Friday, 18 October 2013

How (Repeating) Short Term Crises Can Create Permanent Market Effects

Today's post comes off the back of Scott Sumner's note in his blog that short-term crises may not only have temporary effects on markets:

"I am very sympathetic to the view that market setbacks in response to short-term crises are temporary. It certainly looks that way. However it’s a dangerously misleading way of looking at markets."

I think Scott is right and I think the complication comes when we stop looking at one-off short term crises and instead start to look at repeating short-term crises, like the current budget rounds. In these latter cases we should expect to see long-term effects on markets up until the budget issues are finally resolved.

I see this effect being based on three factors: (i) market attention to/awareness of the risk (if they can't see it, they can't price it; if they don't care about it, they don't price it); (ii) the probability of the event occurring; and (iii) the magnitude of the event it is does occur.

Turning to (i) first – the market doesn't have an infinite supply of attention, rather like NASA scanning the sky for asteroids, it can only pay attention to a certain percentage of risks at any one time.   That means that if a risk isn't immediate, or one that is repeating, the market has a habit of forgetting about it.

This is what happened with the most recent US government shutdown.  The last budget round set a clear precedent that this budget round would lead to another crisis that wouldn’t be resolved until the eleventh hour.  But budget crises hadn't yet formed a pattern, like those set by Europe last year where there was a continuous market focus on Italian debt auctions, and as a result, the market didn't pay attention to the latest budget round until it was right on top of it.

That is why markets began to slide on 20 September, a full 11 days before any government shutdown would begin, despite being more than aware from past form that resolution shouldn't be expected for at least a week.  Markets started to fall because they remembered the budget round was coming, not because probabilities had altered.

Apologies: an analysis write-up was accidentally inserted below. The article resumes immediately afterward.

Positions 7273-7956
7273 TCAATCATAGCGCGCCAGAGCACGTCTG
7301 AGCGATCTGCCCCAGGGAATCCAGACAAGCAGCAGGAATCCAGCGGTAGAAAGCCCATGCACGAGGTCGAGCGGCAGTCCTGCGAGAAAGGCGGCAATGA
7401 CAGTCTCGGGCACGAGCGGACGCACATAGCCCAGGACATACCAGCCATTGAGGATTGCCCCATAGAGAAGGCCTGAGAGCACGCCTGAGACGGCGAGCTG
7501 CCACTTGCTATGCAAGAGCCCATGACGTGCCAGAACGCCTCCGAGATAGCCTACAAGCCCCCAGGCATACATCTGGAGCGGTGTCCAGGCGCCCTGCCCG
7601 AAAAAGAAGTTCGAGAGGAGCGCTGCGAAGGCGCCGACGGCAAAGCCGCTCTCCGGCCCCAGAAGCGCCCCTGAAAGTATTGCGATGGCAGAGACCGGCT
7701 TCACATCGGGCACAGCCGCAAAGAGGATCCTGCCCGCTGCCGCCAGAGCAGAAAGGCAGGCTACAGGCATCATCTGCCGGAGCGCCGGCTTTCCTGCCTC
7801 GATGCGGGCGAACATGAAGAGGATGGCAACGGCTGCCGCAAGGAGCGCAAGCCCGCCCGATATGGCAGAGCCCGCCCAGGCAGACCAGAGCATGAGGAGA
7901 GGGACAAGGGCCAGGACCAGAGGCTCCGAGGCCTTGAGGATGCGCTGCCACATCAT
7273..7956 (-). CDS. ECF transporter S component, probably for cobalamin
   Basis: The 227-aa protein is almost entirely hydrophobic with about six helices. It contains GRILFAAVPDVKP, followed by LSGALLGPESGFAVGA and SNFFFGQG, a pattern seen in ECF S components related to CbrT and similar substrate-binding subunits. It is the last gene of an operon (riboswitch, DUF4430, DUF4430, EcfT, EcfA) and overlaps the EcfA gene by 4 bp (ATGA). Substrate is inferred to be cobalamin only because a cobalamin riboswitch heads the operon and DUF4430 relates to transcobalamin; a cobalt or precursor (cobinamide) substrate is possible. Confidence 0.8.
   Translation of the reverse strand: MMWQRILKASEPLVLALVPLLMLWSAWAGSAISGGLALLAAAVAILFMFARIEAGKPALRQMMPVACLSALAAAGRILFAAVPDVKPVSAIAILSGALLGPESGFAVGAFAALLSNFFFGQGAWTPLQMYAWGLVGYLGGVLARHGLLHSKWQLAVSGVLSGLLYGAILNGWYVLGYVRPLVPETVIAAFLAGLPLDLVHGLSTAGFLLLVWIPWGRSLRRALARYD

The difference going forwards following this latest budget round is that budget crises have now begun to form a pattern.  Indeed we know that the next battles are only three months away (one in January and one in February) and that isn't long enough for the market to forget them.   This awareness will mean that markets will continue to price budget crises into their models and thus affect pricing until the repeating cycle is broken.

Turning to (ii) – the fact that the last budget round was a crisis does not in and of itself make it any more likely that the next budget round will similarly be a crisis (but it does make the market more aware to them).  What matters is how that last crisis ended – was there final resolution or do the terms of the deal leave matters unresolved.

Its uncontroversial to say that the deal struck to end the shutdown wasn't a home-run; it didn’t forbid budget-ransoming in the future, nor did it deal with the issues that made Republicans hold a gun to the head of government.  That said I think it's fair to say the will of the Republicans has taken a hit and the next round should be easier (although not all agree).

As a result I don't see the probability of the next budget round ending in crisis as being as great as it was heading into this budget round. However it's not hard to see a situation where Republicans had managed to keep public opinion more on their side and be fired up for January.  In that circumstance the market would see a higher probability of budget crises next round coupled with an increase awareness of budget crises.

Together that would mean a long term depression of market expectations until either (i) the probability of crises decreased; or (ii) the cycle was broken.

On (iii) – the magnitude of a US default is something that I don't think the market can price accurately for the simple fact that a global reserve currency doesn’t default that often and so there isn't the data to make an informed estimate.  On top of that, we couldn’t calculate what would happen when Lehmans went down so I doubt we can make anything like a fair guess for a US default.

As a result I don't think that the events of the last few weeks have moved the markets view on the magnitude of the crises, if anything I worry that having walked up to the precipice there will be slightly less worry next time (quite wrongly.)

To wrap up – I'm not sure that this budget crisis has put a long term dint into the markets, primarily because the Republicans lost so much political capital. However, through the mechanisms I outlined above I think that repeating short-term crises can cause long term effects and we're just lucky that this one (probably) hasn’t.

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